And then the reward was really looking up to a filmmaker.  I do movies and I’m an actor because when I watched movies when I was younger, I felt like these people were speaking to me and they knew me more than people I was growing up with knew me.  And I think the reward is to be considered valuable by somebody who you respect.  And not only that, but in the end getting to work with and share time with Shailene, with Chris Meloni, with Eva Green, and with all the actors, and to be in a room with them, and to watch them work and to learn from them is just a fantastic reward.

Q: What was it like working with Shailene Woodley?

A: I think this has been a really fascinating process. We just did a press conference and we did this movie. I probably got this job two years ago and it was before she had done “Divergent” or the other movies, or whatever they are. And so she was just this really accepting, compassionate girl. And screen tests are difficult and I think the way that she was so open and welcoming was really sort of the beginning of a friendship and then that friendship develops into a really easy work space because there’s no ego. So you both go into each scene together sort of holding hands and encouraging each other. And just to see her development of last years and how she is still the same amazing woman but has really handled this with such grace, it’s sort of inspirational I guess.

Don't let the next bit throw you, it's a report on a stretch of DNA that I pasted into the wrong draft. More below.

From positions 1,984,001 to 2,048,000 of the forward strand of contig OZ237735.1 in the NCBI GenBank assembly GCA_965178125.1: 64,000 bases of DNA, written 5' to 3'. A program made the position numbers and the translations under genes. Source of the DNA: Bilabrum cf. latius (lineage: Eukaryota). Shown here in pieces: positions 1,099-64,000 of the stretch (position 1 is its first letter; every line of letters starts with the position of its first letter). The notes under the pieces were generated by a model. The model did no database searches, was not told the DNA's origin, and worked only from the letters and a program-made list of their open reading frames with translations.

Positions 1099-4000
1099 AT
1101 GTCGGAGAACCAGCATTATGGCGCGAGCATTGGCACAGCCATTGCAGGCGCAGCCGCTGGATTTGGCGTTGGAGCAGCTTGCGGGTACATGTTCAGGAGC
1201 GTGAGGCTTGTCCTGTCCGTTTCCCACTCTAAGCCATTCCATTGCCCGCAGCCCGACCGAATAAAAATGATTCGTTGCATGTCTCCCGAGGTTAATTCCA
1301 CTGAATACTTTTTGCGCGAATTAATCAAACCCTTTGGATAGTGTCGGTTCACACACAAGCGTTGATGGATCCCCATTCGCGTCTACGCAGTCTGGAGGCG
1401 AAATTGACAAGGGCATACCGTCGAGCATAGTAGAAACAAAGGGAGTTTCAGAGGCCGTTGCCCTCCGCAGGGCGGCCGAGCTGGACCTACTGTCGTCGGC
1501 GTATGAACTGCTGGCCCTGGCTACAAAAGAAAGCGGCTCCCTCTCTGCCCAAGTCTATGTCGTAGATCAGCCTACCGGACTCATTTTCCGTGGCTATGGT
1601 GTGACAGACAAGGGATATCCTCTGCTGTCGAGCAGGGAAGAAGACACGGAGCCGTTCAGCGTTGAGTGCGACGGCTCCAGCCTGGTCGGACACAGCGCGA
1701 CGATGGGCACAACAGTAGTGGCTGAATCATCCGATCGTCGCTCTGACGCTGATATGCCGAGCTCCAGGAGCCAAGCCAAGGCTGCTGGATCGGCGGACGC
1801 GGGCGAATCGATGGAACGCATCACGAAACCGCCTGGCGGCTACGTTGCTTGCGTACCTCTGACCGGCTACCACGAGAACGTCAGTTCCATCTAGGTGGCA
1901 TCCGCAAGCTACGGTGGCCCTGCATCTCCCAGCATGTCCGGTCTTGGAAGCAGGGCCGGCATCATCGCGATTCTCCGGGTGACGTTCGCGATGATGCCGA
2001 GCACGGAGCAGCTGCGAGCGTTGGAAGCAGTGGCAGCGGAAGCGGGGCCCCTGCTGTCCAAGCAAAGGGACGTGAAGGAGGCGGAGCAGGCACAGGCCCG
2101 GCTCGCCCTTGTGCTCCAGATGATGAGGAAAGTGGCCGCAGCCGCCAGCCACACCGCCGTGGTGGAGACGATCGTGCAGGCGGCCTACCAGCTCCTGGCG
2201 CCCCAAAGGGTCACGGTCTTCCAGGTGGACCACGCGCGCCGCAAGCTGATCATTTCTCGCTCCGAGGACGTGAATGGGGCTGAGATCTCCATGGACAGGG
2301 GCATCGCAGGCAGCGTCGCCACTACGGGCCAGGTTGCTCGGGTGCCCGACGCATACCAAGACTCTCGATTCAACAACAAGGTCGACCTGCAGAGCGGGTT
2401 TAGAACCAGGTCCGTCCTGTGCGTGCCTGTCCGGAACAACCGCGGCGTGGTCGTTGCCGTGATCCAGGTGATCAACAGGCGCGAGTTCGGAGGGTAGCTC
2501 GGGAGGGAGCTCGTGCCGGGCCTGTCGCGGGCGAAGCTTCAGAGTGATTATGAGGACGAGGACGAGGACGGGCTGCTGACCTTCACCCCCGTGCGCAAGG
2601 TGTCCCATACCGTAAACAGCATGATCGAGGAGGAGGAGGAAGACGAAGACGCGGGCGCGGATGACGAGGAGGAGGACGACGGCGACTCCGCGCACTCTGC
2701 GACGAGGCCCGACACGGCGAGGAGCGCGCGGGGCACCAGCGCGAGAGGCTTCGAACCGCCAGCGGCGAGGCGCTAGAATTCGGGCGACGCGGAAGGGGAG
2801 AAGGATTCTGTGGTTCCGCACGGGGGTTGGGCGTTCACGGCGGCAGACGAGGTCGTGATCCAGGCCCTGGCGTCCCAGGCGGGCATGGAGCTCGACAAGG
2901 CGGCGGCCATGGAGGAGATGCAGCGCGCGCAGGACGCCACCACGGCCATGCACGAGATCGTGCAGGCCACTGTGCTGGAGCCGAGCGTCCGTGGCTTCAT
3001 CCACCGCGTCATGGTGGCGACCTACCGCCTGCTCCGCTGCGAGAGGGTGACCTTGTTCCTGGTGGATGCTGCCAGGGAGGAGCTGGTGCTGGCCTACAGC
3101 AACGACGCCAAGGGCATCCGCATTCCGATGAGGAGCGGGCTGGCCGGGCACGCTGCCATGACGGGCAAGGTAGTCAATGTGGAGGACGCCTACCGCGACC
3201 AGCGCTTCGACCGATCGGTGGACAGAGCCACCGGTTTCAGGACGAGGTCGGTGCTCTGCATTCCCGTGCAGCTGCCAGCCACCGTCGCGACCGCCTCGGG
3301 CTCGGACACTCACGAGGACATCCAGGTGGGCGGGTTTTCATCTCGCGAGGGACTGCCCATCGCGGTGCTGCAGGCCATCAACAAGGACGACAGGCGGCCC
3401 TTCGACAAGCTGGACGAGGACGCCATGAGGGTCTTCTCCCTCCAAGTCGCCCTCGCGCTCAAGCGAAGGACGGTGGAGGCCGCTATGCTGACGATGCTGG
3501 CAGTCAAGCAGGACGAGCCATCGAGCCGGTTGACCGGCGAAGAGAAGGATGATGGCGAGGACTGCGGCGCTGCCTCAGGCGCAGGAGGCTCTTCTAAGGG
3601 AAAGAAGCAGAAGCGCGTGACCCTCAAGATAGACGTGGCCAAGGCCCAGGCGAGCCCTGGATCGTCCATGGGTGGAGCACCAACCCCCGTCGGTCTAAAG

Q: What upcoming projects can you share?

A: You know what I’m actually tired now and I’m going to just build lamps from here on out. No, I finished a movie called ‘We Are Your Friends’ with Zac Efron and the director Max Joseph and it was just a blast. I had the best time. I played sort of a really different character for me and it was just fun. I think Zac is really going to excel in the movie and I think Max is  a new voice for a new generation. He’s on that ‘Catfish’ the TV show. So where as I don’t know anything about Twitter or the internet, he has all that on lock, and so to be around that and kind of gap that bridge between great film making and what’s happening with technology that was sort of a really exciting thing.  And so I’m thrilled for that movie.

-Elise Cruz